Billy Baxter - Lowballing the IRS

Billy Baxter
Billy Baxter during the 2007 Main Event sat down with Mr. Baxter on a break from the Main Event where he was still holding on to a seat with just 150 players left to find out what he's thinking about and whether all these players he's sharing the felt with remember just what he's done for them.

You've got only around $150,000 in chips coming back after the break. Is there a strategy to this kind of short stacked play or do you just shove with any Ace?

I'm card dead right now, I'm getting 2-3 and 3-4 and that's about as good as I can get right now.

You'll have to stand right behind me if you want to see because I'm about ready to get it in with just about anything.

Some players might decide to tighten up to move up in the money, are you thinking along those lines at this point?

Billy Baxter
Hall of Famer!

That doesn't mean anything. We're playing for $8 million. Moving up in the money $5,000 is not even worth thinking about. All my money will be in the pot in the next round. With or without a hand - I'll find something to put it in there with. I'd like to catch something, but when you can't catch anything you just can't sit there and blind and ante yourself to death.

Are you a big fan of the Main Event or is this thing just a crap shoot?

This tournament in my opinion is the best tournament you could ever play in, because there are so many people that want to play now that you run across a lot of really bad players. All the best ones are in there too. And that's what gambling is about; Trying to get the best of them all.

You have seven WSOP Bracelets and more than $1.5 million in career tournament winnings already, the question is; Do you play for the glory of WSOP Gold or cash?

Billy Baxter
Cash Player!

I always play for the money. I never even used to play the Hold 'em events, Lowball was my best game so I kind of boycotted the Hold'em events in the past. I really haven't been playing Hold'em for that long, but it's so popular right now you have no choice. This is where the money is.

You're the guy who first backed Stu Ungar and you have an arm full of bracelets proving you are a veteran of the WSOP, do any of these young up and comers recognize who you are?

I was away from poker for a long time and I'm kind of like an old dinosaur so a lot of people don't know who I am still. Some people recognize me, but I don't even think about stuff like that. I play poker for money, not fame or recognition or to get on TV.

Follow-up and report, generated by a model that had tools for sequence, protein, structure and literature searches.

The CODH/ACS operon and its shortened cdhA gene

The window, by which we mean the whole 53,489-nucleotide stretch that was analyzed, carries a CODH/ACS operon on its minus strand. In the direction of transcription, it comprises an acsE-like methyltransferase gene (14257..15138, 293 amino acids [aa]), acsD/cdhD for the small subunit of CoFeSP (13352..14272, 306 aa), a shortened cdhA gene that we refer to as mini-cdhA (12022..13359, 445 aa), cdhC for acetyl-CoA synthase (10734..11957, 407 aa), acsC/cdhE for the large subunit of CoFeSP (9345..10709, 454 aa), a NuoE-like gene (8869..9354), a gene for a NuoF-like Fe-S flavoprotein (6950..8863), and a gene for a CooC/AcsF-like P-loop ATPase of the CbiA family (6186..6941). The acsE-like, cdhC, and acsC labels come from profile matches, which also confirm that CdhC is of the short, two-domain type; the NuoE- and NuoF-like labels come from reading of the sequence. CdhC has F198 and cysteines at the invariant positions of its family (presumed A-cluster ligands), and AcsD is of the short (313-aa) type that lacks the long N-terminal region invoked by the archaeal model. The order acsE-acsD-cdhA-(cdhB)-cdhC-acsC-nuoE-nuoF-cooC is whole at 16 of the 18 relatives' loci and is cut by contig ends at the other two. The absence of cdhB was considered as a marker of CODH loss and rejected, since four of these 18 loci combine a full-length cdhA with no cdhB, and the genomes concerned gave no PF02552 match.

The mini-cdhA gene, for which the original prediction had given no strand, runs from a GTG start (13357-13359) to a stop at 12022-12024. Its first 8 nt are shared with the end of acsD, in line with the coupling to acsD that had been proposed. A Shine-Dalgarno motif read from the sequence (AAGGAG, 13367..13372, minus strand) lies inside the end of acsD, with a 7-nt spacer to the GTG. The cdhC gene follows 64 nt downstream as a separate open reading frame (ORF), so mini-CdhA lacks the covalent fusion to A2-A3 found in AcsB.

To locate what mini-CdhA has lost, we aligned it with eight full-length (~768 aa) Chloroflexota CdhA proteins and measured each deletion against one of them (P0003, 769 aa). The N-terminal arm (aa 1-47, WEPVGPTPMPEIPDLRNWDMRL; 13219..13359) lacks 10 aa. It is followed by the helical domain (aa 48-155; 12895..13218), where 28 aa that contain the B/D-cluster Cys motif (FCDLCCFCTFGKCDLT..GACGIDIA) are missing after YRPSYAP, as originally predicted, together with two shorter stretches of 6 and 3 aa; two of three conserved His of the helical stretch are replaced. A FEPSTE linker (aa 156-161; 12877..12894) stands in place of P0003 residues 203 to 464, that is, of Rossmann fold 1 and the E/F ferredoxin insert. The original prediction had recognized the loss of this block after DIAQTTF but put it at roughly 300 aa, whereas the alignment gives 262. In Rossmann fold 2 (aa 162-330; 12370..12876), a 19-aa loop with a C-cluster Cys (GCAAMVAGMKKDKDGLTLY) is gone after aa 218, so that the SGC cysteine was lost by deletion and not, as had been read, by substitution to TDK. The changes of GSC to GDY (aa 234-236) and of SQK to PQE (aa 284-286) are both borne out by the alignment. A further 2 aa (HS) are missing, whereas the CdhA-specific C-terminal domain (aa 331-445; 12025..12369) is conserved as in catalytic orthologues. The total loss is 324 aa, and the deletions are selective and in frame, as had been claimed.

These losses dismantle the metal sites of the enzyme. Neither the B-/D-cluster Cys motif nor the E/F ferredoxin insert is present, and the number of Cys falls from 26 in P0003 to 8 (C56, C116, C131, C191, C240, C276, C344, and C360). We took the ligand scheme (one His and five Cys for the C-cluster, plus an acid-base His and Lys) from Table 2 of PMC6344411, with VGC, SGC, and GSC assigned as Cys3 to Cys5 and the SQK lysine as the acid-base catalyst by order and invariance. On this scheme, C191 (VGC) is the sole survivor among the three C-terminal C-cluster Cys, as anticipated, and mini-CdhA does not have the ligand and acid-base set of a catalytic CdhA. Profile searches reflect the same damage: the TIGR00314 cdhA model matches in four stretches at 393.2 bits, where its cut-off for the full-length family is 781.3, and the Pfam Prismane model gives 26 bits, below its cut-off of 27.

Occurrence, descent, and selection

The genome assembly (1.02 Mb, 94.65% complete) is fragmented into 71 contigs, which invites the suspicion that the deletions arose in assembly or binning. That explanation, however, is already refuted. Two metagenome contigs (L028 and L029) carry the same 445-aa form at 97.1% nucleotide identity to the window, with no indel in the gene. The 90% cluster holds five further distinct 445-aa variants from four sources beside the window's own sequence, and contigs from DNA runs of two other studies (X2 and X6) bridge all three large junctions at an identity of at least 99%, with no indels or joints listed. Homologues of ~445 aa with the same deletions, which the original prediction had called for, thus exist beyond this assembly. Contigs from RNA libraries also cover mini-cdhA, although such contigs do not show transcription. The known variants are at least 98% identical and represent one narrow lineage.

Part of your legacy is that you successfully fought the IRS to make poker earnings part of regular taxable income here in the US driving the tax rate on winnings down from 70 per cent. Every player who cashes in the WSOP should be thanking you for that. You must find the odd player who is thankful for that?

A lot of people do say something about that. Back then in the 80s they were already taking 50 per cent, that was when income taxes were around 50 per cent and then they wanted another 20. So we paid the tax and then sued the government to get the money returned. We felt like we had a good case and obviously we did.

Billy Baxter
Leaving a legacy!

But there are not too many players that remember that. They just kind of take it for granted because they never knew anything about the other kind of taxation. They just sort of say 'Oh, I Didn't even know it used to be that way.'

We didn't see you around at too many events in the 2007 WSOP, have you been playing a lot?

I don't play in a lot of events anymore. You know my thing was always Lowball and a lot of these games they didn't even have them back when I was playing - in the middle ages. Like Omaha, nobody used to play that. Since I started back playing poker they've got a lot of new games.

One new thing is all the Online play, do you play over the Internet at all?

I've played a bit Online at Doyle's Room and you know what, you see so many hands, you can play so much. I think it's one of the best learning tools ever invented.


* * * * * * * * * * *

It didn't take long after the break for Mr. Baxter to find a hand to shove with and unfortunately he did bust. He picked up about $60K for his time, not bad for a Lowball player slumming it with a few Hold'em types. Plus, thanks to Baxter's own efforts in the past, he won't be paying 70 per cent tax on that cash.








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